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Dr Theo Kantidakis

Supervisor Details

Project Details

Dr Kantidakis is the primary supervisor on the below project:

The role of histone methyltransferase MLL2 on tRNA expression

Secondary Supervisor(s): Dr Boris Kysela

University of Registration: Aston University

BBSRC Research Themes:

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Deadline: 4 January, 2024

Project Outline

One key characteristic of ageing and disease is the change in the gene expression of key biochemical pathways. We are interested in elucidating the consequences of mutations/depletion of key epigenetic proteins that control gene expression, and understand how these contribute to transcriptional stress, DNA damage and cell viability.

The histone 3 lysine 4 (H3K4) methyltransferase MLL2 emerged in the last 10 years as one of the most mutated genes in cancer genomes. It is responsible for the mono-, di- and tri-methylation of H3K4. We have previously reported the mechanism by which MLL2 mutation can contribute to disease by deregulating RNA polymerase II transcription and resulting in transcriptional stress, DNA damage and mutations (Kantidakis et al., 2016).

RNA polymerase III (Pol III) is responsible for producing several short, non-coding RNAs, including the tRNAs. The expression of these ncRNAs is altered in ageing and disease, including cancer as we have recently shown (Sangha and Kantidakis, 2022). This project will build on our extensive experience on Pol III transcription regulation and chromatin epigenetics, to investigate if MLL2 can control gene transcription, and especially tRNA expression, by Pol III.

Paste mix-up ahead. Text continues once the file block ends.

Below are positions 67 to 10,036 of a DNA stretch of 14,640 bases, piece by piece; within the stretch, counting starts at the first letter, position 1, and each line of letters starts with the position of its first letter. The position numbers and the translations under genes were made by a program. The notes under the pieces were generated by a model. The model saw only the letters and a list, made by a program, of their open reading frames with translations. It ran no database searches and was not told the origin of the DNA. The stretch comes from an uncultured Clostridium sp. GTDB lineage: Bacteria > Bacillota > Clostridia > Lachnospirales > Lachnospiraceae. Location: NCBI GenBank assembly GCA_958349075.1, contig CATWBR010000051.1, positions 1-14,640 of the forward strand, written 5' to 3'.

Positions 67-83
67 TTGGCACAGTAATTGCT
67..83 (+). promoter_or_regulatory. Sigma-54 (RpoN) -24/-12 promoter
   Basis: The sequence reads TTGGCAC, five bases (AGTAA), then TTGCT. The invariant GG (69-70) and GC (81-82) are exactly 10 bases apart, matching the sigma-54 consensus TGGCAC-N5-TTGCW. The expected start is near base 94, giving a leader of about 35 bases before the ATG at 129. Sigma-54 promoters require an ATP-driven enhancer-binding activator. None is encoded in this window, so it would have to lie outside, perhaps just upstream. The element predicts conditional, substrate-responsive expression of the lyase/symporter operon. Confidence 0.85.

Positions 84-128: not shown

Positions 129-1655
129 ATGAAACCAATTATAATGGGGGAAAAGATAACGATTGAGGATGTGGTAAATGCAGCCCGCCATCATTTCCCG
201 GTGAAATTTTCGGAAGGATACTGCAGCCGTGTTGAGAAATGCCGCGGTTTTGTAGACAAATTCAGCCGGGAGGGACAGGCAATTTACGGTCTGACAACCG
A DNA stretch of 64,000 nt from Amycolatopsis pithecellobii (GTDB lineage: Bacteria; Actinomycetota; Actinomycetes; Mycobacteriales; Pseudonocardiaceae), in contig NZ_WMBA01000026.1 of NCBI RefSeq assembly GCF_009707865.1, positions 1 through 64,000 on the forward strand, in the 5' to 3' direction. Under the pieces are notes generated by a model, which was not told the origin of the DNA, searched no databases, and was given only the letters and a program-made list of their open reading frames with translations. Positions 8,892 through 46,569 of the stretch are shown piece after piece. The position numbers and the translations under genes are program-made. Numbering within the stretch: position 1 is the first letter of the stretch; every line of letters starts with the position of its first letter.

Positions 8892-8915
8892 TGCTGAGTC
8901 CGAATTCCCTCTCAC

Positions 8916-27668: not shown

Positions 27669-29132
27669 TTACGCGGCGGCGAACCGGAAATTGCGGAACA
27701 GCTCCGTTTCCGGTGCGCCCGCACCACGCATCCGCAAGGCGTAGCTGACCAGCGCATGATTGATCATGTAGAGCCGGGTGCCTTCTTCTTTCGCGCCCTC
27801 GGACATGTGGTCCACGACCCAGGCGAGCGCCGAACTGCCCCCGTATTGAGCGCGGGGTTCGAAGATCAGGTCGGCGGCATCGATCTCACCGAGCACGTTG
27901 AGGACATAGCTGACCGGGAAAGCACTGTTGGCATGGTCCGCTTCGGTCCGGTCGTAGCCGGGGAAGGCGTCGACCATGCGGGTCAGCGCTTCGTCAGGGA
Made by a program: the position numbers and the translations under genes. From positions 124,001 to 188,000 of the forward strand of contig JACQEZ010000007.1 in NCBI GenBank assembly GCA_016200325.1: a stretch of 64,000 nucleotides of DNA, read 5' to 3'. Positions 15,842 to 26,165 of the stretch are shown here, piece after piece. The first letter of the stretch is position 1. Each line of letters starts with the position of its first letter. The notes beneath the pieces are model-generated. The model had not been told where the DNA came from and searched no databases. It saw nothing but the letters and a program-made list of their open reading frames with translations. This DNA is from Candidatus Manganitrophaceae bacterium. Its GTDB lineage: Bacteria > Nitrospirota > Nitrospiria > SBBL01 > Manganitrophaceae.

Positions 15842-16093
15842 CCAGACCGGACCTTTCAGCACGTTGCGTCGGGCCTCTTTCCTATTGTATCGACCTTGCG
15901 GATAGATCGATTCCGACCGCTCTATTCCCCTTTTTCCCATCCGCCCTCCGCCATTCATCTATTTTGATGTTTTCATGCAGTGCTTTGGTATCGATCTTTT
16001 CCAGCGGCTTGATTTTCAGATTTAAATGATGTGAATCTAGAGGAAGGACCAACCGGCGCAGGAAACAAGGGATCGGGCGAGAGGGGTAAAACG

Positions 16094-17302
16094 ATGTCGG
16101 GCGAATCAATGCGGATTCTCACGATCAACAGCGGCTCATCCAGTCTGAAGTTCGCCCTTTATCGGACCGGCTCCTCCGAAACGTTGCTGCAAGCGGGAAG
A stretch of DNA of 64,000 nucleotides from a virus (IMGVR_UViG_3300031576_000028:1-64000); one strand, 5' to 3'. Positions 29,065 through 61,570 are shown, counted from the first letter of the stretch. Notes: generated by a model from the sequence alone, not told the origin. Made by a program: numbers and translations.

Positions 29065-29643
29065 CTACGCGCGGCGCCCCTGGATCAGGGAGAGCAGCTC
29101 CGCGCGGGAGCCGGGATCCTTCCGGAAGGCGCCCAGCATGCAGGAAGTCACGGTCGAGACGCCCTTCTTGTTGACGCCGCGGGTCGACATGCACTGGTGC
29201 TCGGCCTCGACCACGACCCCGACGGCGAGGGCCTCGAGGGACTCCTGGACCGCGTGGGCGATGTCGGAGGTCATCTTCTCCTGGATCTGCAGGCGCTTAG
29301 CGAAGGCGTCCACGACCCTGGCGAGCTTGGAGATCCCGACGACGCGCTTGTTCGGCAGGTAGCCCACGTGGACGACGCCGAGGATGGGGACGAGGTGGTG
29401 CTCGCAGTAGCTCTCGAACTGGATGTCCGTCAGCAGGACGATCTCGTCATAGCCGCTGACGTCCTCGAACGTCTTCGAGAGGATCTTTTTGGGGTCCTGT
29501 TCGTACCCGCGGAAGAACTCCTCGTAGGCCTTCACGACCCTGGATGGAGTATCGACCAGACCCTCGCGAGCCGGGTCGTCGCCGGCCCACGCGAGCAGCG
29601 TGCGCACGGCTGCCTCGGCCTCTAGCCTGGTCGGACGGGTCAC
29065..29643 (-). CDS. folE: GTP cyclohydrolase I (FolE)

To achieve this, we will employ a variety of standard and cutting edge molecular, cellular, biochemical and computational methods. We will take advantage of established human MLL2 knock-out (KO) and mouse conditional KO cell lines (Kantidakis et al., 2016) to explore: 1) The effect of MLL2 deletion on the expression of Pol III-transcribed genes, 2) The effect of MLL2 deletion on the epigenetic landscape of Pol III target genes, 3) The mechanism by which the above occur.

By completing the above objectives, we will acquire a better understanding of how this histone modifier, can control ncRNA expression through chromatin, and regulate multiple downstream processes, like the course and rate of protein translation and the production of functional proteins, that in turn affect ageing and disease.


Kantidakis, T. et al., 2016. Mutation of cancer driver MLL2 results in transcription stress and genome instability. Genes Dev 30, 408–20.

Sangha, A.K. and Kantidakis, T., 2022. The Aminoacyl-tRNA Synthetase and tRNA Expression Levels Are Deregulated in Cancer and Correlate Independently with Patient Survival. Curr Issues Mol Biol 44, 3001–3017.


  • Cell biology: cell culture, optical and fluorescence microscopy, cell growth/viability and cell mobility/invasion assays, cell irradiation and DNA damage and apoptosis assays
  • Molecular biology: gDNA and RNA isolation, PCR, RT-qPCR, site-directed mutagenesis, molecular cloning, CRISPR genome editing, RNA-Seq
  • Biochemistry: fractionation and protein isolation, Western blotting, co-immunoprecipitation (Co-IPs), siRNA knock-downs, chromatin immunoprecipitation (ChIP) and Re-ChIP, Cut&Run assays
  • Computational techniques: RNA-Seq and ChIP-Seq analysis, genomic data analysis (DNA mutations, DNA methylation, mRNA and miRNA expression), gene enrichment and pathway mapping

Previous Projects

Dr Kantidakis was the primary supervisor on the above project last year.

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